This all provides a keen incentive for participation towards the dike. In some ways, it’s not about leading the Dike Track. It’s about not getting left behind. The genius mechanism at play is the mandatory requirement. You have to ask another player if they’d like to contribute on your turn. This becomes a psychological battle. Have you been paying attention to which cards the others have picked up? If you ask them, can they contribute by paying the current resource? Would they want to? Do they have their eye on spending those resources elsewhere, on buildings or fences, instead?
The Dike Track leader sometimes becomes a ‘target’. Players might not ask them to contribute. Players might not want them to extend their lead, even if they could be an asset to the communal flood barrier. It’s a conundrum in the area of cutting your nose off to spite your face! One thing’s for sure: if you gauge that the dike’s in trouble early on, you can plan for that. Don’t go super-hard into sheep farming, if they’re not going to pay out the points (per effort you’re putting in). Focus on progressing along the Dike Track to earn points that way. But not too much, so the dike holds!
Paint Jobs, Punchboards, And Final Thoughts on Lowlands
The card stock in Lowlands is decent and chunky, but I have to be honest. I had one of my worst-ever experiences trying to punch this without it tearing. I needed a knife to prise every single coin, token and tile out of the punchboards. If you’re like me and take great pride in your components, this is a wincing, non-relaxing task. It’s not a great first impression.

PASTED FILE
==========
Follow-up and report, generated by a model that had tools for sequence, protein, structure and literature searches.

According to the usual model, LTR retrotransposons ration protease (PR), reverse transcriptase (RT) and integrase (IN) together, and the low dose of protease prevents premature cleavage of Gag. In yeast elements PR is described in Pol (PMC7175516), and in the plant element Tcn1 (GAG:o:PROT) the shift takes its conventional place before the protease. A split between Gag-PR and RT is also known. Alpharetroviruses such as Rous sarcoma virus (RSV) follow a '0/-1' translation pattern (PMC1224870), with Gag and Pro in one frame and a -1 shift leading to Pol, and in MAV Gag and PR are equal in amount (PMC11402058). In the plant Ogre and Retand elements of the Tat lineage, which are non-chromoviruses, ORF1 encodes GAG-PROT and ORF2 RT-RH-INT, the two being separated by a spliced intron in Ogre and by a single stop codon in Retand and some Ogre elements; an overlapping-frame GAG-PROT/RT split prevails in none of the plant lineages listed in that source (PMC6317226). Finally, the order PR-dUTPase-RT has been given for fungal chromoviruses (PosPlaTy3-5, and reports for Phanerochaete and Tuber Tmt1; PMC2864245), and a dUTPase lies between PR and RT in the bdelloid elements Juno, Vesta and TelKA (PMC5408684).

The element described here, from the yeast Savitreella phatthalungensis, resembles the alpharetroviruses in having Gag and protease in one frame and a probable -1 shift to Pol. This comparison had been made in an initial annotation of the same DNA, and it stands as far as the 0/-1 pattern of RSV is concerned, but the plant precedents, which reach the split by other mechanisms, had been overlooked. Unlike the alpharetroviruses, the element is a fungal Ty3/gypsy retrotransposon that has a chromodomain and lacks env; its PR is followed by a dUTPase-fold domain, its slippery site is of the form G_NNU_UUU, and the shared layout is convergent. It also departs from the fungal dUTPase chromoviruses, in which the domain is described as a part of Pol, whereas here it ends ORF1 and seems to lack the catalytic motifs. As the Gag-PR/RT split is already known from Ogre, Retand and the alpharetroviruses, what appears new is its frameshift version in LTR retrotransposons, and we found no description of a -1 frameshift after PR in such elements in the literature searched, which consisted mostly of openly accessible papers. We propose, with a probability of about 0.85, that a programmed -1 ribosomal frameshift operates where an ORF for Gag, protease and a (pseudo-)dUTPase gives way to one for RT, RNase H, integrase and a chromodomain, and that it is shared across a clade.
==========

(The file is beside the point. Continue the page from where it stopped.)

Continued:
Also, the wooden components had awful coatings of paint. As if they’re faded, or aged, in a deliberate ‘hipster’ manner. But no. It’s more akin to zero budget or care having gone into the paint on the building markers or discs. They’re some of the cheapest quality paint I’ve seen for a modern game in this kind of price bracket. This might not matter to some gamers, but as a passionate hobbyist, it matters to me. I felt let down by Z-man Games in this regard.
The artwork offers a muted colour palette, but that works in the theme’s favour. There’s a lot of agriculture-green (sounds like a Dulux paint!). The iconography is digestible for seasoned Euro-gamers, the target market, after all. Player reference sheets explain it all, anyway. For your first few games, you’ll refer to the rules for what certain Building Tiles mean, but that’s not unusual.
If you can look beyond the initial poor punchboards and wooden components, then you’re in for a treat. The gameplay on offer in Lowlands is so unique for a Euro-style farming game. It takes the animal husbandry side of Agricola and breeds it with a Dead of Winter-esque semi-coop vibe. Only, there’s no hidden traitor roles, here. You decide which path to take as the game unfolds. But picking your side as the Storm Surge closes in? Seeing the rising tide encroaching, threatening to undo all your hard work? Lowlands is a captivating game of keeping your friends close, but your enemy closer. And there’s no greater power than Mother Nature, when she’s hell-bent on destruction.